Over 120 human lives have been lost in the two waves of floods that have hit the State in the space of a month. Surging waters have inflicted damage to wildlife as well, particularly in Kaziranga tiol park and forested areas alongside Brahmaputra and other rivers. While the deaths of rhino and elephants hog most headlines, equally dismaying are large numbers of lesser wildlife perishing in the deluge. In Kaziranga alone, bodies of over 60 wild animals in the first wave of floods and nearly 90 animals in the second wave have been discovered. Asiatic buffalo, wild boar, pygmy hog, swamp deer, hog deer, sambar etc., are some of the smaller wildlife species in the park that have borne the brunt of flood fury, say foresters. The situation may turn critical for herbivorous animals soon if the park authority fails to tackle fodder shortage in the flood aftermath. With none of the promised 33 high grounds constructed in KNP before the rains this year, park animals as in earlier years had to negotiate the Brahmaputra to reach the North Bank or flee along the land route southwards to the Karbi Anglong hills. There have been media reports of animals run over by speeding vehicles in the tiol highway section skirting the park. It is also a matter of time before many of these animals fall prey to poachers lying in wait in the densely forested Karbi hills. While active throughout the year, this is the time poachers really look forward to make a lot of kills as hapless animals flee their flooded habitats. The reason is simple — poaching lesser wildlife species involve fewer risks than gunning down rhinos and tigers, but guarantee very handsome returns.
Threat to wildlife
There is great demand for live reptiles, birds and other members of lesser wildlife as well as their body parts in illegal markets in South East Asia. Tokay geckos, various skes, pangolins, owls and other ‘less glamorous’ animals fetch premium prices, warn wildlife experts and foresters. To feed this demand, well organised poaching syndicates are operating in Karbi hills and other parts of the State. In Karbi Anglong district particularly, there have been frequent allegations of poaching gangs getting a free run with the blessings of corrupt cops, along with an assortment of timber and sand mafias, gun runners, gold smugglers and militant outfits. They are armed to the teeth and have informers and collaborators among the local populace in Kaziranga and nearby Karbi settlements. Even if caught occasiolly, poachers are soon out on bail — so abysmal is the conviction rate. As for foresters, they remain two steps behind in this cat and mouse game, despite the government talking of reorganising and arming them with latest weaponry, gadgets and drones. But there is another trend spelling doom for lesser wildlife not just in Kaziranga and other tiol parks or wildlife reserves, but in forested swathes across the State. It is the growing craze for meat and body parts of such animals in many of our villages and towns. There are now large numbers of people swearing by ‘delicacies’ like the meat of civet cats, hogs and deer for exotic taste, or of monitor lizards, mongoose and pangolins for their supposedly pain-killing and medicil properties.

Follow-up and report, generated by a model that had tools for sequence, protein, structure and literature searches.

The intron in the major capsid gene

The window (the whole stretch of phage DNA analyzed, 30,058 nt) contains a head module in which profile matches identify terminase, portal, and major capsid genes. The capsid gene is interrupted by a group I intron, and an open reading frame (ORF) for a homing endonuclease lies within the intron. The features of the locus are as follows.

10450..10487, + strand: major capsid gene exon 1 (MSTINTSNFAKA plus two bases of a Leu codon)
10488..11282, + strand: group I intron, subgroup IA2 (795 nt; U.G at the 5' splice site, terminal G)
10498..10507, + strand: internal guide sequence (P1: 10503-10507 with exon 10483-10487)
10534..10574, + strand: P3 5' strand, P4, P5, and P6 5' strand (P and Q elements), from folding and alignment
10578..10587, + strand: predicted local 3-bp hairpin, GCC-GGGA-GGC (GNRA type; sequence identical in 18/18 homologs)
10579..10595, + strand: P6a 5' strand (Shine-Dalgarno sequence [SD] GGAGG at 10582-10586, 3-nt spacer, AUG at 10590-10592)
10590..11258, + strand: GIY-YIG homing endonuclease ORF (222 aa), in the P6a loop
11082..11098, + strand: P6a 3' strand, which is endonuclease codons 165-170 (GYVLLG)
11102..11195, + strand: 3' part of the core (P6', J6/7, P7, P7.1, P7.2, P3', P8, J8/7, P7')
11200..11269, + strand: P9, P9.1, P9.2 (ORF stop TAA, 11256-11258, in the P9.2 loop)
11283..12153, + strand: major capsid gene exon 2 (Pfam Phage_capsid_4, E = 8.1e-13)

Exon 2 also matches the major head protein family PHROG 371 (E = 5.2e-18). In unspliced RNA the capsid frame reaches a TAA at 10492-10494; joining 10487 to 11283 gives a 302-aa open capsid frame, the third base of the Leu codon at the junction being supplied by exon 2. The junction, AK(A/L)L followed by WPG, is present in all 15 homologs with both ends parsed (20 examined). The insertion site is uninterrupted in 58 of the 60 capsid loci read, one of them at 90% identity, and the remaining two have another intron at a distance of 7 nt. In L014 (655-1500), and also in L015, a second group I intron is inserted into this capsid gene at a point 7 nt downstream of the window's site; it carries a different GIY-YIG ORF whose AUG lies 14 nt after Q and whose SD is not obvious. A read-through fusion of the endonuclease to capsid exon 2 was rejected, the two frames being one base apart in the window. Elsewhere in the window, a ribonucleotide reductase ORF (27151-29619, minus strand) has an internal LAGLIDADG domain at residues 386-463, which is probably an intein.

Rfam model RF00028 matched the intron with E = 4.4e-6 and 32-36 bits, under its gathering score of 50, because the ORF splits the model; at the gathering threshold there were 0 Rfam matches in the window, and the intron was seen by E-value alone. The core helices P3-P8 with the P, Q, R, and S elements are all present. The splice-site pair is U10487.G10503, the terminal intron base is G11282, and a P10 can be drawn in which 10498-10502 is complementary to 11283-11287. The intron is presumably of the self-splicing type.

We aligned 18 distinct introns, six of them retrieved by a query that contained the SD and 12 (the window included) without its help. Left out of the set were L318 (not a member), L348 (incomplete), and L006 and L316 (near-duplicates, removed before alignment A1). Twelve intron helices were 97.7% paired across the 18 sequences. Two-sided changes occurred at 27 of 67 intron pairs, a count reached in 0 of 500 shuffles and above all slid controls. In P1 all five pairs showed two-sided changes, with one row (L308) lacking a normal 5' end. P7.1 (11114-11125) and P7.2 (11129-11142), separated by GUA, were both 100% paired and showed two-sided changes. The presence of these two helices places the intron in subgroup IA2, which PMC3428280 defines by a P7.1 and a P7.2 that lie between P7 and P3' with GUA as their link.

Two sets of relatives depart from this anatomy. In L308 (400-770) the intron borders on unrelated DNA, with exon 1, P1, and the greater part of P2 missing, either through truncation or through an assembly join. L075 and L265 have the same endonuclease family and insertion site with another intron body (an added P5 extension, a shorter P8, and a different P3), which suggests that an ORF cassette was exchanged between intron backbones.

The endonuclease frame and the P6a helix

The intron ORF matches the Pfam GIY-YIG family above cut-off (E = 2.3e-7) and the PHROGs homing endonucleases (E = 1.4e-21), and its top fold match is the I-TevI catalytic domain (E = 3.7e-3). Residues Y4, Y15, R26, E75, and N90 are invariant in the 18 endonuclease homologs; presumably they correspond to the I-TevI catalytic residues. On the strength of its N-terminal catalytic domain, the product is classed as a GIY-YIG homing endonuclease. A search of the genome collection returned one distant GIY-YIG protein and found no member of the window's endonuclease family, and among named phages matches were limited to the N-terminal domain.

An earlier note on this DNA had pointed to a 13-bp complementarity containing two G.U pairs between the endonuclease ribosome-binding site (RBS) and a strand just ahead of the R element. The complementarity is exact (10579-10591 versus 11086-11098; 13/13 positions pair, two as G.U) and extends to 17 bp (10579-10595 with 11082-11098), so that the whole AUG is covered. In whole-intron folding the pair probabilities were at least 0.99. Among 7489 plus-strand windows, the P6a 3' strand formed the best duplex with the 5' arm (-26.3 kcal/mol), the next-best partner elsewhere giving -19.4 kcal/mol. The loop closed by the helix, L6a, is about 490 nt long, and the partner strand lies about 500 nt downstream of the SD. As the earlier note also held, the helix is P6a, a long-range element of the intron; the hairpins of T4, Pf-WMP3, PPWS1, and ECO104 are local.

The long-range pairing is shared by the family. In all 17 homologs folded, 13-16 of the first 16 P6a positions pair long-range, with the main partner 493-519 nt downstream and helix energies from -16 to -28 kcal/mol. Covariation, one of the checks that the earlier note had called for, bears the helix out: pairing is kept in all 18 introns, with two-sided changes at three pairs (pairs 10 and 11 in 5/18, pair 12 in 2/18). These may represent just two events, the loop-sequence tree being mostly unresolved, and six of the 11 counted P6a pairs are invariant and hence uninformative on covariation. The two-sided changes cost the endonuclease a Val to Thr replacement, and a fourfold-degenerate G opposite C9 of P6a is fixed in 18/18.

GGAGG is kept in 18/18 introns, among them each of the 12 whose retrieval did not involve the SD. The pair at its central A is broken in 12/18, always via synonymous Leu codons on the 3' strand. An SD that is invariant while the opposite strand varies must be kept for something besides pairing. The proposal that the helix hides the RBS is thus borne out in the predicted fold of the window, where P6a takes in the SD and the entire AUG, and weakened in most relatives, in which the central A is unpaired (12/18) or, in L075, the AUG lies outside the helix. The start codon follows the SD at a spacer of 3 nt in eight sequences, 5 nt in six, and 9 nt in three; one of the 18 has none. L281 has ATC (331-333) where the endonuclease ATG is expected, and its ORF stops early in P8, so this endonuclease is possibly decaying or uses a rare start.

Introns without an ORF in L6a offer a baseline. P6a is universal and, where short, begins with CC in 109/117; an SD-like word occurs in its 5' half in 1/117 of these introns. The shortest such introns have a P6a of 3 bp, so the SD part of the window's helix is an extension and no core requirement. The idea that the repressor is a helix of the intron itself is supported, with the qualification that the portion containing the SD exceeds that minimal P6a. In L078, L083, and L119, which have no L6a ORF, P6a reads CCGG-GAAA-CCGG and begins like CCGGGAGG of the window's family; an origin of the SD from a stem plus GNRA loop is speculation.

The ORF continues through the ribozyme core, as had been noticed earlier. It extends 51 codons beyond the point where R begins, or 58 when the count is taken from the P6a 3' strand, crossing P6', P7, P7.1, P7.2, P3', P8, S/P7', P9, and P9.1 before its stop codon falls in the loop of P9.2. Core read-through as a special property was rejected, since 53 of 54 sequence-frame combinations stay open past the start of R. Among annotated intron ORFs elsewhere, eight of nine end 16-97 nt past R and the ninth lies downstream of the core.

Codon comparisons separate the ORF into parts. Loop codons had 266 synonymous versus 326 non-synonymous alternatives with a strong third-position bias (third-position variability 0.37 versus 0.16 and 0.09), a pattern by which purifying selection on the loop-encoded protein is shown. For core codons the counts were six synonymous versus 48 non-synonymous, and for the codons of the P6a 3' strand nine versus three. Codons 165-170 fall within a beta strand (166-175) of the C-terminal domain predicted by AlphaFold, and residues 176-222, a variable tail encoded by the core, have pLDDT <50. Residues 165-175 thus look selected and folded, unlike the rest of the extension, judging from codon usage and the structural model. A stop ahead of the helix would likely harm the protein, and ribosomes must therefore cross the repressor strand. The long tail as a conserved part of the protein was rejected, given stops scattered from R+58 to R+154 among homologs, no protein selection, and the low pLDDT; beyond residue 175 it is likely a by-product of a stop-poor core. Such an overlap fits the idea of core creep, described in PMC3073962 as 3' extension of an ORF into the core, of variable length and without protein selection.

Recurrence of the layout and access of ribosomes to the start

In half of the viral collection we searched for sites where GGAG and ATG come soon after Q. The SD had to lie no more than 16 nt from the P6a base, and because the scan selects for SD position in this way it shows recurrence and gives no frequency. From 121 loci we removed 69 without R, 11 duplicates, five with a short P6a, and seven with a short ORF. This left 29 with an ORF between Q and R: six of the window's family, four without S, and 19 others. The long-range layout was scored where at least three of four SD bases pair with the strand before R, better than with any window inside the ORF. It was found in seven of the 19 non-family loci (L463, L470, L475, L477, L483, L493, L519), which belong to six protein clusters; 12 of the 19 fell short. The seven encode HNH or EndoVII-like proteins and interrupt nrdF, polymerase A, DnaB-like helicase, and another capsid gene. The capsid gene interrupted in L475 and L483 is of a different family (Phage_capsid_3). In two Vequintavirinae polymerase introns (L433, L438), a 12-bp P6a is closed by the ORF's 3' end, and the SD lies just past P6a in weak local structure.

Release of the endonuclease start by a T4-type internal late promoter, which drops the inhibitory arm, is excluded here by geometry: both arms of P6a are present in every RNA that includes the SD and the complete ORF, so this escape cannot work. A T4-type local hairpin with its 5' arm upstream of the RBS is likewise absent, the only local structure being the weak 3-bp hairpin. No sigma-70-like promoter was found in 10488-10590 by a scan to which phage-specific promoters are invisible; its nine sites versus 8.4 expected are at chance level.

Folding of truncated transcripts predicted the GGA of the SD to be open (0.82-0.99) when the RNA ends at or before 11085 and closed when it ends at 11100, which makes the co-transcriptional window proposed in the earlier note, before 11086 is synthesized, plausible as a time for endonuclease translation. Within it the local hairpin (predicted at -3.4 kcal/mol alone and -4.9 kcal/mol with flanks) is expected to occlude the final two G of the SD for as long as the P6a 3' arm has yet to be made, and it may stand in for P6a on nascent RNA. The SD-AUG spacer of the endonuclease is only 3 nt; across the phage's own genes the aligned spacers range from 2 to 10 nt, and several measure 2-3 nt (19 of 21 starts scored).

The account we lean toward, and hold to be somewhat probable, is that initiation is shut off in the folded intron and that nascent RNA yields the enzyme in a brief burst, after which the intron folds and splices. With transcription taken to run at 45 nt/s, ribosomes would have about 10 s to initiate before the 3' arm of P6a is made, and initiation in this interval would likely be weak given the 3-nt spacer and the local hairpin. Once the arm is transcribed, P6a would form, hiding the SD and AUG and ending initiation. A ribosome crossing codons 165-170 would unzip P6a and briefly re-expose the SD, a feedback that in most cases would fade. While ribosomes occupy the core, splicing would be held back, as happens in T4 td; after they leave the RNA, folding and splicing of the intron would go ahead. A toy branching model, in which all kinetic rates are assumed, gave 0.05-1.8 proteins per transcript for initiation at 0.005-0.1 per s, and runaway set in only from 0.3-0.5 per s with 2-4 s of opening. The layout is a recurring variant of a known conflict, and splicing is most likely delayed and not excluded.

After the rains recede, local markets across the State sell such meat openly, supplied to traders by local gangs. With smaller wildlife too targeted by intertiol smuggling syndicates ready to fork out lakhs of rupees, the Assam government needs to have a policy in place to protect the State’s precious fau against these racketeers. But Dispur’s attention has remained primarily confined to tiger reserves in Kaziranga, Mas and meri tiol parks and safeguarding their rhinos, even though poachers keep notching up kills regularly. However, the protection mechanism in reserved and other forests in the State remains nearly non-existent, which wildlife activists repeatedly keep pointing out to no avail. While the country has devised a fairly comprehensive legal framework to ban the trade of over 1,800 wildlife and plant species as well as their derivatives, the implementation of laws like Wildlife (Protection) Act, 1972 in Assam remains weak on the ground. To enforce the law strictly, Dispur therefore needs to muster the necessary will, give real teeth to forest protection forces, win over inhabitants on forest fringes, put in place a strong intelligence gathering network and improve surveillance, go hard after poachers and ensure their conviction in court. To preserve lesser fau is as important as protecting the big ticket species, if Assam is to retain its enviable bio-diversity.